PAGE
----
News State New South Wales ‘Catastrophic’ decline sees NSW government buy land for koala reserve
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‘Catastrophic’ decline sees NSW government buy land for koala reserve

The NSW government is moving to protect koala habitat. Photo: ABC
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The New South Wales government has purchased 400 hectares of private land in the Southern Highlands to establish a koala habitat reserve.

The land is located on the Wollondilly River south-west of Moss Vale.

The Member for Goulburn, Pru Goward, said it was the first government purchase under a new scheme to protect koala habitat and was designed to prevent a further slide in koala populations.

We have certainly seen a decline in some places, a catastrophic decline in koala numbers in our region in the Southern Highlands there’s about a thousand.”

Ms Goward said the land was purchased using part of a $10 million fund sourced from NSW Environmental Trust.

“It was an incredibly lucky buy because what it does is it now gives us a highway from the Blue Mountains through to the Morton National Park for koalas to traverse, so that if there’s bushfires, there’s a catastrophic event in one part they can move to another.”

Koala corridors act as refuge during natural disasters

Minister for the Environment Gabrielle Upton said the land was suitable as it contained the tree species most favoured as a food source.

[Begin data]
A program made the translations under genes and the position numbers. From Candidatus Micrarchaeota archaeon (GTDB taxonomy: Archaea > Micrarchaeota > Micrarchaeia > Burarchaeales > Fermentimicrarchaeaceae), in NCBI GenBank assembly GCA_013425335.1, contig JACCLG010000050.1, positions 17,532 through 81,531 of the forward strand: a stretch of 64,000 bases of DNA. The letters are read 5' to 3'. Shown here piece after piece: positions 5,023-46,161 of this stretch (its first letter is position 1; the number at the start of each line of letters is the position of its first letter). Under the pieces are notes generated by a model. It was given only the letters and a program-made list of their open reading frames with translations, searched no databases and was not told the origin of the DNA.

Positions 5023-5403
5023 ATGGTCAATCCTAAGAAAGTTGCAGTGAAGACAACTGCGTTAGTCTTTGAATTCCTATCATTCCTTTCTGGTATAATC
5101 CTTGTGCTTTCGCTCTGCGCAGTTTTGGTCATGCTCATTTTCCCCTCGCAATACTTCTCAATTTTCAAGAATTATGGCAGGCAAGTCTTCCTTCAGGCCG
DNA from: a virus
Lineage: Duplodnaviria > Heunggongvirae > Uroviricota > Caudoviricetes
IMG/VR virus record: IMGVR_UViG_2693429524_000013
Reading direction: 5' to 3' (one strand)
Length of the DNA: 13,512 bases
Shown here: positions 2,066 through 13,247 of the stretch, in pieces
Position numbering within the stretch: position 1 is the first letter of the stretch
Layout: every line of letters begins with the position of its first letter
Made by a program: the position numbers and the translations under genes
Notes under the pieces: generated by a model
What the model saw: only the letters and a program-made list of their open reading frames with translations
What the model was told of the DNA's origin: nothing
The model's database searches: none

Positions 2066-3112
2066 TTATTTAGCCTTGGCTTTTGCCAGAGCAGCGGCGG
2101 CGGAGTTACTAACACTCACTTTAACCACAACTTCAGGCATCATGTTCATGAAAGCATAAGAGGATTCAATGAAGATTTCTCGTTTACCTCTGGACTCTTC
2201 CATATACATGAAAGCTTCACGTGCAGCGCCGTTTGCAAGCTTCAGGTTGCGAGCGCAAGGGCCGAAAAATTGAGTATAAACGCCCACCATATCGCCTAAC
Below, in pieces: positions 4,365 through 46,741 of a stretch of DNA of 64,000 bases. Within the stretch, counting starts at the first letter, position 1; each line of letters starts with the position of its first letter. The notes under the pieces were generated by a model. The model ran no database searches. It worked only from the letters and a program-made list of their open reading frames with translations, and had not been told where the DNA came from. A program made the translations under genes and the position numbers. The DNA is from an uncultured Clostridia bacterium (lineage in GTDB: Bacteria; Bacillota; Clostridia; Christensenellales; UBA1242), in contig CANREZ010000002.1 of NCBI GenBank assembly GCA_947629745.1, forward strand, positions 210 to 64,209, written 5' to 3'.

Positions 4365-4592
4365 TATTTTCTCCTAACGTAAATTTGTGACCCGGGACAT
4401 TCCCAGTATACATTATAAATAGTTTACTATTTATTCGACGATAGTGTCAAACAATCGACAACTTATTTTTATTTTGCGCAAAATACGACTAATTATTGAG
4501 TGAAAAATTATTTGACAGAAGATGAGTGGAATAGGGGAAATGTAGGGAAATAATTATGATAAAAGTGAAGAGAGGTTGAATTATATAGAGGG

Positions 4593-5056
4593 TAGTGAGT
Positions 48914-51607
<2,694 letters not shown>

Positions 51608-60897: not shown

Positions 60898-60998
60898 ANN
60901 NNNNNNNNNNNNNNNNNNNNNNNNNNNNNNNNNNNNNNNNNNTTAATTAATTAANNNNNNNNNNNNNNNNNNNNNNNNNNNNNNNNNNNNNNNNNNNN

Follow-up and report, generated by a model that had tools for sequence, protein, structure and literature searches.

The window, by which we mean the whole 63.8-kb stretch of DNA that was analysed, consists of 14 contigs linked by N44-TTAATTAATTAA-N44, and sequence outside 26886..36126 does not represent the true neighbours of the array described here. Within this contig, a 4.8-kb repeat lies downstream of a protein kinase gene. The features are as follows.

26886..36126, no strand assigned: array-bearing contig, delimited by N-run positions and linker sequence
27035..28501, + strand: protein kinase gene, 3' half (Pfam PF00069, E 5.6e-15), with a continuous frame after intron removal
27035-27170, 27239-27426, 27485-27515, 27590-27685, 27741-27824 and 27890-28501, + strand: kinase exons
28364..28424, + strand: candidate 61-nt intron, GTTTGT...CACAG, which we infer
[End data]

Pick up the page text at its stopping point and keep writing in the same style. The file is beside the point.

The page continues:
“By purchasing this land for the national parks system we are expanding koala habitat,” she said.

Wingecarribee Council officer Joe Stammers helps run the Southern Highlands Koala Conservation Project.

He said the area had the largest population of koalas in southern New South Wales and welcomed any measures to protect them.

“We have been working really hard with the community, we have got lots of wildlife carers here,” he said.

“We have had at least 200 sightings from individuals over the last couple of years.”

Mr Stammers said the council had also worked closely with private landholders interested in cultivating the right eucalypt species to support koalas and other native wildlife and the new reserve would complement that work.

“We have got a program just within council called Land for Wildlife,” he said.

“We have got, I think, over a hundred properties, before they were lifestyle blocks or for farming but people are now looking at it to use their land for conservation”.

“They want to show their grandkids and leave something as a legacy,” he said.

-ABC

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